Volume 79, Number 30 | December 30 - January 5, 2010
West and East Village, Chelsea, Soho, Noho, Little Italy, Chinatown and Lower East Side, Since 1933

A 1935 photo of the Loew’s Canal Theater, flanked by a Yiddish store sign and a Chinese restaurant sign.

Theater could have second act as performance center

By Julie Shapiro

The long-shuttered Loew’s Canal Theater in Chinatown could get a new life as a performing arts center.

The proposal to fix up and reopen the 83-year-old theater is far from a done deal, but the space’s owner agreed last week to do a feasibility study.

“It would be the first theater opening in Chinatown in over a generation, probably several generations,” City Councilmember Alan Gerson said. “It’ll bolster the arts and culture of Chinatown and it will also bolster the economy.”

Gerson began fighting for a performing arts center for Chinatown after 9/11. Amid many disagreements over the future of the neighborhood and how revitalization money should be spent, a cultural center was one of the few ideas that garnered no opposition, recalled Amy Chin, president of the nonprofit leading the project’s planning.

“There’s no central gathering space, no place indoors for large-scale community events,” Chin said. “Virtually all cultural groups [in Chinatown] are operating out of spaces that are just decrepit.”

Progress on the performing arts center has been slow over the past eight years, in large part because it is difficult to find a large, available space in Chinatown. With the nonprofit CREATE in Chinatown (Committee to Revitalize and Enrich the Arts and Tomorrow’s Economy), Chin has looked into dozens of possibilities.

But no space is quite like the Loew’s Canal, at 31 Canal St. near Ludlow St. Designed by renowned theater architect Thomas Lamb, the 2,339-seat theater opened in 1926. Many of the original, ornate, terra-cotta details remain, although the seats were cleared out long ago when the theater was turned into a warehouse.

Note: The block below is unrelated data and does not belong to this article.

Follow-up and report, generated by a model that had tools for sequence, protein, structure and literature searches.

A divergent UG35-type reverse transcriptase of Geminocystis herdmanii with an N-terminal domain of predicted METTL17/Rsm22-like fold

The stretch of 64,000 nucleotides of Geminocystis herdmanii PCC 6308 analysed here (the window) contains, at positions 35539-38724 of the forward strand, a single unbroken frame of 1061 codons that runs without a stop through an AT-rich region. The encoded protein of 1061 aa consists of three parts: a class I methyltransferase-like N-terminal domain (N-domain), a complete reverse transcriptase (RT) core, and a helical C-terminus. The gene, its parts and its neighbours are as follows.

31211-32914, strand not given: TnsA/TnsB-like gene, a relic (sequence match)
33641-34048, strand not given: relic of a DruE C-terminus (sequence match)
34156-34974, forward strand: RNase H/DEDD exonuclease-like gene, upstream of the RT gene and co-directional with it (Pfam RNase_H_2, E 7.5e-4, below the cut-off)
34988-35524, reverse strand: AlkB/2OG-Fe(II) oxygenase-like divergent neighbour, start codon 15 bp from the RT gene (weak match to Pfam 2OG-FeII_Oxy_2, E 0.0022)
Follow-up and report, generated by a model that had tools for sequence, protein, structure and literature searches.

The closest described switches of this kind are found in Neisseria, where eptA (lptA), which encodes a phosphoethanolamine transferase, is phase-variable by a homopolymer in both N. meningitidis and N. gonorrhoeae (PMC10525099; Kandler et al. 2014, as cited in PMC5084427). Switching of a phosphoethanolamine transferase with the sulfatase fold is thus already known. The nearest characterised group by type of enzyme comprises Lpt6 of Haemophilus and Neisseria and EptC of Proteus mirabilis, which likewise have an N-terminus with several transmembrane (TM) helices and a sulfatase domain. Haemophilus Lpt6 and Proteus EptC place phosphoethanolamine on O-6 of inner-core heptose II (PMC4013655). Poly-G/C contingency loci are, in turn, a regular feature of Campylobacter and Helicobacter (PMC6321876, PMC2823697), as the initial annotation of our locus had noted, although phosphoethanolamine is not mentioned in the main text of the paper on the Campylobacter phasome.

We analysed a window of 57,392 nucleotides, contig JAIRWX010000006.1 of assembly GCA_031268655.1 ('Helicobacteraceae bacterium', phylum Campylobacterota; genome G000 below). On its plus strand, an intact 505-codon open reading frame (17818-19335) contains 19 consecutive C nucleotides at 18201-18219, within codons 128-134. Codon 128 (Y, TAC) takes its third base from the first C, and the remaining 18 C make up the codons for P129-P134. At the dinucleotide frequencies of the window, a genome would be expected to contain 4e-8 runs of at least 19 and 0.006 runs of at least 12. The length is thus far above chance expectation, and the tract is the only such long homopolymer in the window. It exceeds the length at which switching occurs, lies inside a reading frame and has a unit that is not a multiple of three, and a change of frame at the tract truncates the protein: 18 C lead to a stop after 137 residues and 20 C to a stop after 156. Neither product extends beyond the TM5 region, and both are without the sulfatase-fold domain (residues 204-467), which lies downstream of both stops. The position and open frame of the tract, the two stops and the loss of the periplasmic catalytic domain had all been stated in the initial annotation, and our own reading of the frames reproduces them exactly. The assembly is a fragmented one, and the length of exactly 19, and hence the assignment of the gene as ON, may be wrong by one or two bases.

For about the last 25 years, the theater has been owned by Thomas Sung, founder of the Abacus Federal Savings Bank in Chinatown. CREATE started talking to Sung about the space three years ago and even sent Rogers Marvel Architects in to examine it.

But Sung initially had other ideas, hoping to rent the theater to a commercial tenant and build condos above. He filed plans to that effect with the city Department of Buildings during the summer, though they have not yet been approved, possibly because the city is looking to landmark the building.

But then, this week, Sung and CREATE released a joint statement saying they are committed to rebuilding the theater. In an interview Tuesday, Sung said a theater would be good for the community, especially because it would offer a central place to experience Chinese culture.

Sung said he is willing to give up the rent he could make from the ground-floor theater space, but only if he is able to use the building’s air rights to build 12 or 13 stories of condos on top. It is unclear how feasible it would be to build the condos, because they would have to be supported by the theater below, which is an open space with no columns. Sung is consulting with an engineer.

“We are very much dedicated to seeing this happen,” Sung said, “but there are always financial constraints and physical constraints.” On the chances of the theater being built, he said, “I hate to speculate.”

CREATE has received $150,000 for the performance center from the Lower Manhattan Development Corporation and is slated to get an additional $140,000 for the next phase of planning.

In case the Loew’s Canal space does not come through, Chin is still looking at other possibilities. One is 70 Mulberry St., a city-owned building that houses the Chinatown Manpower Project, the Chen Dance Center and, formerly, the Museum of Chinese in America. Even if the building could not house a 500-seat theater, renovations and the addition of an elevator could still make it a place for the Chinatown community to gather, Chin said.

But Chin said no other space comes close to the grandeur and historical significance of the Loew’s Canal Theater. It was once one of many theaters on the east side of Lower Manhattan, before Broadway and 42nd St. became the city’s theater district. Most of those old theaters have since been demolished, to make way for Confucius Plaza and other buildings, Chin said.

“This is a cultural treasure in our community,” Chin said. “There’s a long history there. It would just be astounding if it was restored.”

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